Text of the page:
Wednesday, August 31, 2011

Roundhouse Roundup: A Very Special History Lesson

A version of this was published in The Santa Fe New Mexican 
September 1, 2011

 As Gov. Susana Martinez heads into her first special session, which seems to be drawing more complaints from legislative Democrats each day, it’s starting to remind me of another governor’s first special session, a bitter time in which it became apparent that the honeymoon between the new governor and the Legislature was way past over.

In fact, if Martinez and her predecessor Bill Richardson were on friendlier terms, the former governor might provide Martinez with some cautionary tales from the not-so-distant past.

Former Gov. Bill Richardson
Back in 2003, Richardson was still an extremely popular governor, both with the public and the Legislature. Even Republicans praised him for getting a tax-cut bill through his first legislative session.

But when he called a special session in the autumn of that year, Richardson backed into a political buzz saw. He received fire from Ds and Rs alike. His massive tax-reform plan, which had been the reason for calling the session in the first place, never even got heard by a single committee.

Though the ill-fated special session didn't hurt Richardson's popularity with the public (he won a landslide re-election in 2006), the rancor the special session created in the Legislature continued to grow and fester. Relations between the governor and the Senate became outright toxic by his final years in office.

Santa Fe Appreciation Day: The grumbling and sniping began the first day of the session, which began in late October. Both chambers recessed in the early afternoon after learning that Richardson's tax bill wouldn’t be ready for introduction until the next day.

“Is this just an 'Appreciate Santa Fe' day?” Sen. Tim Jennings, D-Roswell, asked, noting that without a tax bill to consider there was nothing for legislators to do but visit the capital city's sites.

Then House Republican Leader Ted Hobbs also blasted the governor's office for not having the tax bill ready. “We didn't even get the proclamation until 10 minutes before we convened,” he said. “That's because they keep changing what they want.” Even House Democratic Whip, Rep. James Taylor complained, “The governor's staff has been difficult to deal with for some of my members.”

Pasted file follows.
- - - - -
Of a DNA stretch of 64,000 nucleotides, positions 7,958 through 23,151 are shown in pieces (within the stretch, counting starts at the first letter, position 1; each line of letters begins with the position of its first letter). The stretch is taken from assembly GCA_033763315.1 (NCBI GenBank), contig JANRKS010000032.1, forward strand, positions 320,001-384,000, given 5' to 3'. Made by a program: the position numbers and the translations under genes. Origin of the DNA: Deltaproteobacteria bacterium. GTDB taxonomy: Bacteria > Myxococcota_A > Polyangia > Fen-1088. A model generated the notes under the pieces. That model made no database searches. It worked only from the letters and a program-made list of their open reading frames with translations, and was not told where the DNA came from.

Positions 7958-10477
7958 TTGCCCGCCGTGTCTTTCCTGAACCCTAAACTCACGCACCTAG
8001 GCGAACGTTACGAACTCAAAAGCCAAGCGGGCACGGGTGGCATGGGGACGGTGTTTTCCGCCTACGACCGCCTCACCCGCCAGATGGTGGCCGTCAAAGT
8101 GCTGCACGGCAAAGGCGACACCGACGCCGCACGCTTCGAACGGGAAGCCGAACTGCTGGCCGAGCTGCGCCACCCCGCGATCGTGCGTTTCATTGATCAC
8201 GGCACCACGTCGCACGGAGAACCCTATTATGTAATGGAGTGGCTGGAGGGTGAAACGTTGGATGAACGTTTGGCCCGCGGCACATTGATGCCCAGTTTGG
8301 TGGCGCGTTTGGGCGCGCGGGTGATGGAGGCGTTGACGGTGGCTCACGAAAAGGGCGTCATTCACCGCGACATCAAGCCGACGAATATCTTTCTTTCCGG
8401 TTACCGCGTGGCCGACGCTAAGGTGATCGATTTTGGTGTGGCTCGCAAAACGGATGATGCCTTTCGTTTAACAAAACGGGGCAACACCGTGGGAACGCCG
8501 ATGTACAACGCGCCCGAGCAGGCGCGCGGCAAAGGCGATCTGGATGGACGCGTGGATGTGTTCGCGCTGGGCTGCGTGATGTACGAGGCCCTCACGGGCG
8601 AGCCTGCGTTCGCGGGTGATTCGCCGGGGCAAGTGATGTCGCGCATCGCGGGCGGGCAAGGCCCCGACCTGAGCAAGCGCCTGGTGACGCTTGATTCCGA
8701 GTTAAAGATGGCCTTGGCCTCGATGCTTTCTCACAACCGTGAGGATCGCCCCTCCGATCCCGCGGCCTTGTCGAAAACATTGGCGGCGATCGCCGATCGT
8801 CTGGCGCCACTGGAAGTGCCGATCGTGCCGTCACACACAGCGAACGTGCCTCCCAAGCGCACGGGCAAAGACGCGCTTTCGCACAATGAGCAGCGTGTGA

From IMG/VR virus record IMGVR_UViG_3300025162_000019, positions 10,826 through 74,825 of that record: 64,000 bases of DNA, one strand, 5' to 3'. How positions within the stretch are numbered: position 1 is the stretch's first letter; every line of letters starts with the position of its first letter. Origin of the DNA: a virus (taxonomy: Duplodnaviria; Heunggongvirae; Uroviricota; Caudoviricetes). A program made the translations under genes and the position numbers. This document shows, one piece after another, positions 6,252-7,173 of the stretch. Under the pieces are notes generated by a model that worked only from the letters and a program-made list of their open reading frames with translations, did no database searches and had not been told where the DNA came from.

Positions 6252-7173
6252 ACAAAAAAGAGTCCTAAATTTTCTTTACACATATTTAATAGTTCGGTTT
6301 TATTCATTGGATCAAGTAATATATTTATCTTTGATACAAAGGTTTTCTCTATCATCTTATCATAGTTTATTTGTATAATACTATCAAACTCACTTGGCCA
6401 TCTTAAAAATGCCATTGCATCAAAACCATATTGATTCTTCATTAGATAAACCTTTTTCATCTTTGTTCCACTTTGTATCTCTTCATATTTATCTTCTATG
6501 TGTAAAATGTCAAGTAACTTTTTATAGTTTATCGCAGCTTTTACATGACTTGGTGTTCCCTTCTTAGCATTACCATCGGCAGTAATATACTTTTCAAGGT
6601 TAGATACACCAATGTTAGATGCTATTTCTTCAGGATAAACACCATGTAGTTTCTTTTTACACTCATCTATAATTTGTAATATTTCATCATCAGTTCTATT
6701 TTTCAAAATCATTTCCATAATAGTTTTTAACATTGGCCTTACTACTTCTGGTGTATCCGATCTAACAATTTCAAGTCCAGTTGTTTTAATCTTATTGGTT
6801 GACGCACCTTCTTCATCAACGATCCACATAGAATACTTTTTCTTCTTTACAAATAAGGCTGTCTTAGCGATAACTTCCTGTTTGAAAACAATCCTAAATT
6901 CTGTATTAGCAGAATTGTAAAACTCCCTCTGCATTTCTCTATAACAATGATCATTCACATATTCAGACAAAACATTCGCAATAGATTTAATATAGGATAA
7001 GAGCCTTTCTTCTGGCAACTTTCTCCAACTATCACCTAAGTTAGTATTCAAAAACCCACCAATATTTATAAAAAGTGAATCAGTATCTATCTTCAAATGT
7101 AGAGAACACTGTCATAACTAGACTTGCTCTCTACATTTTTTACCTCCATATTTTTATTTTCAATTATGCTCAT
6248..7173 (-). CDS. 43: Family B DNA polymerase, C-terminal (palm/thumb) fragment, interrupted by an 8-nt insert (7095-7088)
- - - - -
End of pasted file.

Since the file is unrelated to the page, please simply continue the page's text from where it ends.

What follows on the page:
Former Rep. Max Coll
The introduction of Richardson’s 188-page tax bill didn’t help. As Rep. Max Coll, D-Santa Fe, said of the tax bill after the session. “Neither house would touch it with a 100-foot pole.” Said Coll, “When you've got a special session, you need to build a consensus, especially on tax issues, before you go in. You can't just walk in without it (being) settled.”

Several current observers have said the same thing recently about Martinez and her bill to repeal the law allowing driver’s licenses to illegal immigrants.

Sine Die! By the end of the first week of the 2003 special session, the Senate had had enough.

Eight Democrats, including Senate President Pro-tem Richard Romero of Albuquerque, joined 15 Republicans to call for an end to the session. Sen. Nancy Rodriguez, D-Santa Fe, said after that vote, “The lack of consensus was clearly evident from the very beginning. ... There was confusion, a lot of frustration and a concern about whether this was absolutely necessary at this point in time.”

House Speaker Ben Lujan kept the House in session, and after some arm-twisting by Richardson, Romero agreed to bring the Senate back into session. The Legislature ended up passing Richardson’s ambitious program for highway improvements. (That’s the GRIP program, which would come back to haunt Richardson in later years, though that’s another story.)

The Legislature still didn’t attempt any major tax-code overhaul and haven’t touched it since. The 2003 special session even had some Democrats looking back with nostalgia at Republican Gov. Gary Johnson. “We hardly ever supported Gov. Johnson, but we appreciated his open-door policy,” Sen. Phil Griego, D-Ribera, said at the end of that session.

After the session, Richardson said, “I learned a lot during this session, We will work harder to get legislators involved earlier in the process.”

But some of those wounds in that session never seemed to heal.